TSS is potentially life–threatening because it can rapidly spread through the bloodstream to several different organs, including the lungs, kidneys and liver. Shock and failure of multiple organs can follow. Due to its rapid progression and severity, immediate hospitalization for monitoring and treatment is necessary. According to the U.S. Centers for Disease Control and Prevention (CDC), up to 5 percent of staph TSS cases in the United States are fatal. Strep TSS is also a severe infection, and about 50 percent of cases are fatal.
Many women associate TSS with the warning literature included in the packaging of tampons. The U.S. Food and Drug Administration (FDA) mandates that all manufacturers of these products give information about TSS and its association with high-absorbency tampons to consumers. For reasons not yet fully understood by scientists, TSS has been linked to prolonged tampon use during menstruation,and following childbirth.
However, TSS is more commonly triggered by complications from other events, illnesses and injuries. These include influenza,chickenpox, childbirth, surgery (such as a nasal or abdominal surgery), burns, deep skin cuts or wounds where there is a rupture of the skin present.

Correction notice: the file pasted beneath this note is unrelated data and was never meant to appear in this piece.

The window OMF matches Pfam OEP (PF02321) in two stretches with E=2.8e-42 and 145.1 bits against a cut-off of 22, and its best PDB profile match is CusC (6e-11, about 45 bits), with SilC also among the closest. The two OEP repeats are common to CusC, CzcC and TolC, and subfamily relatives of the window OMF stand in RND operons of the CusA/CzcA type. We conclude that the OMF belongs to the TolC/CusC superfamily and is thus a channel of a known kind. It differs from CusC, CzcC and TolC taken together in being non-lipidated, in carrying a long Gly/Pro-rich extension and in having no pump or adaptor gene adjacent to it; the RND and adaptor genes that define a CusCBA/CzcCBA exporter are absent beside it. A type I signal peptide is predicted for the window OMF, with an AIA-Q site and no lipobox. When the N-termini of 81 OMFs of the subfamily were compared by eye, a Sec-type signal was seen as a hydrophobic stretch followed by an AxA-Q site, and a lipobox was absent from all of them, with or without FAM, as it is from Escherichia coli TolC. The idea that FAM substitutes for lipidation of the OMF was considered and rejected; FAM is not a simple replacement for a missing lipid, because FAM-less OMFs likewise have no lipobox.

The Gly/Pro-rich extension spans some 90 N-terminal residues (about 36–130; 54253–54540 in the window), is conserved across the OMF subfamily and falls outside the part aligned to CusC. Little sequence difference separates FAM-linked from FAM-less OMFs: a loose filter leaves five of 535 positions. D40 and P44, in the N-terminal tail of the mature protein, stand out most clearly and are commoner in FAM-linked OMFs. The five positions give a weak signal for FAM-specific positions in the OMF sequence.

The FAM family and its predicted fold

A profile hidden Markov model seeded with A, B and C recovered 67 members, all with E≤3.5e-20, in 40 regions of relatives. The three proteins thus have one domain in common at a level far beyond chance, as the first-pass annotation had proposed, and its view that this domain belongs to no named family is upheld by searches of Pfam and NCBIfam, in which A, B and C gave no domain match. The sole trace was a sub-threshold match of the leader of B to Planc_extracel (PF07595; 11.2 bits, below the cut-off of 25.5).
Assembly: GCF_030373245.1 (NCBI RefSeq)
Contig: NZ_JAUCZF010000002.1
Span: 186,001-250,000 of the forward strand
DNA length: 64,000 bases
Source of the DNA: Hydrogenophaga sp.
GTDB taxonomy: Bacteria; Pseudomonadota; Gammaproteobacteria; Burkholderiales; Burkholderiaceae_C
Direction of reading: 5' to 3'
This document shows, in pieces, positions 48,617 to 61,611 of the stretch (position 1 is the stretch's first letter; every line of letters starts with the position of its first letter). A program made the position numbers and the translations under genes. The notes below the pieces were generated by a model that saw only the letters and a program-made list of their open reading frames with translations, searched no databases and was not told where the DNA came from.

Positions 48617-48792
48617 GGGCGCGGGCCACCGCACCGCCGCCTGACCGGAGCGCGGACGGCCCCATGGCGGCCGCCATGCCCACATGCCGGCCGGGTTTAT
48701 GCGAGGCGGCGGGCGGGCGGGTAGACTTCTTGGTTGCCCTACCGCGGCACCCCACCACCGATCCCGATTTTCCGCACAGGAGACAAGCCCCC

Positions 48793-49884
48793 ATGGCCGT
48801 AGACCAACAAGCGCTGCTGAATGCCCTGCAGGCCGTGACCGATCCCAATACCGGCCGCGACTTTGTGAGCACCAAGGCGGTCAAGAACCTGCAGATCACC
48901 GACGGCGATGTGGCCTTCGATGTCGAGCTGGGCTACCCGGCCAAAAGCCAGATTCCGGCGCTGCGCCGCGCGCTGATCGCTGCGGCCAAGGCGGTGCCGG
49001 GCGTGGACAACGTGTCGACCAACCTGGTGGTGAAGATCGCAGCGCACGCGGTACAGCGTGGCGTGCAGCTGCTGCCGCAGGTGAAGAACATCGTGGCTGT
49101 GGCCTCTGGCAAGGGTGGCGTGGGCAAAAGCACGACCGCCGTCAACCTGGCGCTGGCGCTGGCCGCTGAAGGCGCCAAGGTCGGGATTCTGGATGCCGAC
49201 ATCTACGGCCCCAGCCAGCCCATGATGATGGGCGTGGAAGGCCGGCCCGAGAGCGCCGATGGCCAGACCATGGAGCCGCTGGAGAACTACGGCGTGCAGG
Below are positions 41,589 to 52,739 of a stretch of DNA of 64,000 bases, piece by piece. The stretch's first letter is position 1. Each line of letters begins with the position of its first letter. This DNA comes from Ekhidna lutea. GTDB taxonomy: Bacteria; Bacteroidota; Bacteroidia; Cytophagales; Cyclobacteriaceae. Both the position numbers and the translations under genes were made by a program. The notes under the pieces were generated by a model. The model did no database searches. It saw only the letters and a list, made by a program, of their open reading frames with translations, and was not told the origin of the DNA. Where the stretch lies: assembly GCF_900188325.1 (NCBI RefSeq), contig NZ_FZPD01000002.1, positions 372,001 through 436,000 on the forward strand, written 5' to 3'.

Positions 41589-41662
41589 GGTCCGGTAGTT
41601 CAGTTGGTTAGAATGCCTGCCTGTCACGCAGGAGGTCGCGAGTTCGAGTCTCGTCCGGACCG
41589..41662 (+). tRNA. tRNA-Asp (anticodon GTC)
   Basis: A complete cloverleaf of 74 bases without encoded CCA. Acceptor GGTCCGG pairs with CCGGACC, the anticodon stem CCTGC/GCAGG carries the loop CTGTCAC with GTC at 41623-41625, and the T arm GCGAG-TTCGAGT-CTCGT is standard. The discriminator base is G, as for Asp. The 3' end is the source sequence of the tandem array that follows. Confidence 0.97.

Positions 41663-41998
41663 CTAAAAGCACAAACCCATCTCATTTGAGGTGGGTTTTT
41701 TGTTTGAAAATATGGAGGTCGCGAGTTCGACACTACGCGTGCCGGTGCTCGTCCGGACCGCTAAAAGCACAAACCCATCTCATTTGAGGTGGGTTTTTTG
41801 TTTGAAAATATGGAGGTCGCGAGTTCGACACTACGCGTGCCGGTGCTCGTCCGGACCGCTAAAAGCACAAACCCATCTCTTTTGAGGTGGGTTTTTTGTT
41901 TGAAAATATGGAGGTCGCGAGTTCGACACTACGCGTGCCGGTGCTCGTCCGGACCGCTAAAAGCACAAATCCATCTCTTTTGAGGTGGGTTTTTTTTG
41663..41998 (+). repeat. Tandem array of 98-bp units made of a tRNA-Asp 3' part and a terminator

In addition, the syndrome has been linked to the use of certain birth control devices such as diaphragms or contraceptive sponges, which also include warning labels in their packaging.
TSS most commonly affects women of a childbearing age. However, because it is caused by toxin-producing bacteria that are naturally present in the body, it can occur in anyone.
Left untreated, the consequences of TSS are severe and can include:
- Kidney, heart and/or liver failure
- Profound shock (a life–threatening condition that occurs when the body is not getting enough blood flow)
Types and differences of toxic shock syndrome
There are two different types of toxic shock syndrome (TSS):
- Staph TSS. Caused by the Staphylococcus aureus bacteria, which produce one or more toxins in the body that trigger the illness. Staph TSS is linked to the use of tampons. However, the exact connection is not completely understood. Some researchers suspect that certain types of high-absorbency tampons provide a moist, warm home where the bacteria can thrive. Others have suggested that the superabsorbent fibers found in some tampons scratch the surface of the vagina, allowing a point for bacteria and toxins to enter the bloodstream. In the 1980s, a number of TSS cases were associated with the use of a certain brand of tampons. This product has since been removed from the marketplace, and the number of cases of tampon-related TSS has declined substantially.